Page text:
This week, Greek MPs had to wade through 977 pages of legislation in less than 48 hours, in order to vote on a mega-package that was a prerequisite for proceeding to the next stage of bailout negotiations with their European partners. It was delivered in the form of dead tree, 300 times over. One opposition MP estimated that this equated to 25 trees, 47 KWh of electricity and 324 tonnes of water. To illustrate his point further he held up a thumb drive and announced, “Someone should inform [House Speaker] Mrs Konstantopoulou that the 21st century gives us the convenience of being able to use USB sticks.”
Ouch. That was a deftly aimed shot. She may be the youngest ever House Speaker at 38, but Zoe Konstantopoulou has very strong opinions on how things should be done, and she takes a very grim view indeed of the USB stick (στικάκι, meaning “little stick”). Only last month, she thundered against the Governor of the Bank of Greece (already high on her hit list of “enemies of the people”) for daring to submit an annual report that (a) contained a factual account of the parlous state of public finances, and (b) was submitted not in person on the printed page but by courier on an evil “stikáki”. She intoned the word with particular disgust, as if she had just discovered a sex aid in a nun’s cell.
We don’t know if Mrs Konstantopoulou really is a luddite, but she certainly loves to play one. She knows her audience. You wouldn’t know it looking at the kids in Athens glued to their smartphones and addicted to Instagram, but as we have noted previously on this blog, at least 40% of Greeks have never used the internet, a very low rate for a developed country. To almost half the country’s population, technology is a bit of a mystery, and its use in government invokes a sense of suspicion and dread.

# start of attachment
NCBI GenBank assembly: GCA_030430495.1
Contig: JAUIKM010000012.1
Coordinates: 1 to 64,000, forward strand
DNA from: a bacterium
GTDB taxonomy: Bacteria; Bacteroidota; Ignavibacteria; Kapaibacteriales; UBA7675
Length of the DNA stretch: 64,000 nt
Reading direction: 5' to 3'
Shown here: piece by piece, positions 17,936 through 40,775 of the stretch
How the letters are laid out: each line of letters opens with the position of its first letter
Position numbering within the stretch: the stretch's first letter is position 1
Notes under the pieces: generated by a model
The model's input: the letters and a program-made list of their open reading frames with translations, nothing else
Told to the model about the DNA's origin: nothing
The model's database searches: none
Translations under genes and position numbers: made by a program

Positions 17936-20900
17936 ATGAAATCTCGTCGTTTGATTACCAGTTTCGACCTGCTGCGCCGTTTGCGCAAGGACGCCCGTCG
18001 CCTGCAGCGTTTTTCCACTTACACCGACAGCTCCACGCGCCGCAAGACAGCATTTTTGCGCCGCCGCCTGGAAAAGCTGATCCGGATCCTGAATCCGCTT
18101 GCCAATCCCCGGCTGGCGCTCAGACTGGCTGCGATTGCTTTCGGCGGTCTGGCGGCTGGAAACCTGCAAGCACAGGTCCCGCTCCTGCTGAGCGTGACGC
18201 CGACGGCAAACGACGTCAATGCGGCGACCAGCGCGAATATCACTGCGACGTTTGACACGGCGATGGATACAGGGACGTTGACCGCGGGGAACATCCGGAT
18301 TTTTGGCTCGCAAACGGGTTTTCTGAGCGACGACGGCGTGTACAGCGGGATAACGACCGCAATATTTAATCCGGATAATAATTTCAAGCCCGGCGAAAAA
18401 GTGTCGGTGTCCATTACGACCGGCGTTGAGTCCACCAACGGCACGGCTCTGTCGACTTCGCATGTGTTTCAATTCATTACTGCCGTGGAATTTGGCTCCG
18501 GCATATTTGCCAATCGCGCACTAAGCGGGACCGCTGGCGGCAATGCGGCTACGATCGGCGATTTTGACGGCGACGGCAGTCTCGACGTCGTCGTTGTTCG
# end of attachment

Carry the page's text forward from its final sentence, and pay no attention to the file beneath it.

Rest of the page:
The word stikáki itself became common currency in sinister circumstances. It was on a stikáki that in 2010 Christine Lagarde, then French Finance Minister, handed the then Greek Finance Minister George Papakonstantinou a list of Greek account-holders in HSBC Bank in Geneva, part of a data leak that gifted European tax authorities with information on potential tax evaders. It was this stikáki containing the infamous “Lagarde list” (λίστα Λαγκάρντ) that Papakonstantinou is said to have tampered with to remove the names of family members, before passing it on to the tax authorities and the financial crime unit for investigation, an act for which he (singularly and slightly suspiciously if you ask me) received a conviction in court after he left office. The stikáki, then, was introduced into popular consciousness as an instrument of fraud, and a corruptible one at that. Media reports of the stikáki affair only helped to build up the mystique, describing the process of copying and editing as if it was a form of black magic, understood only by a dark priesthood, and illustrated with stock visuals of 1980s-era computers with archaic command-driven interfaces untainted by the introduction of the mouse. When Konstantopoulou rails against the stikáki, she is tapping into something deeper.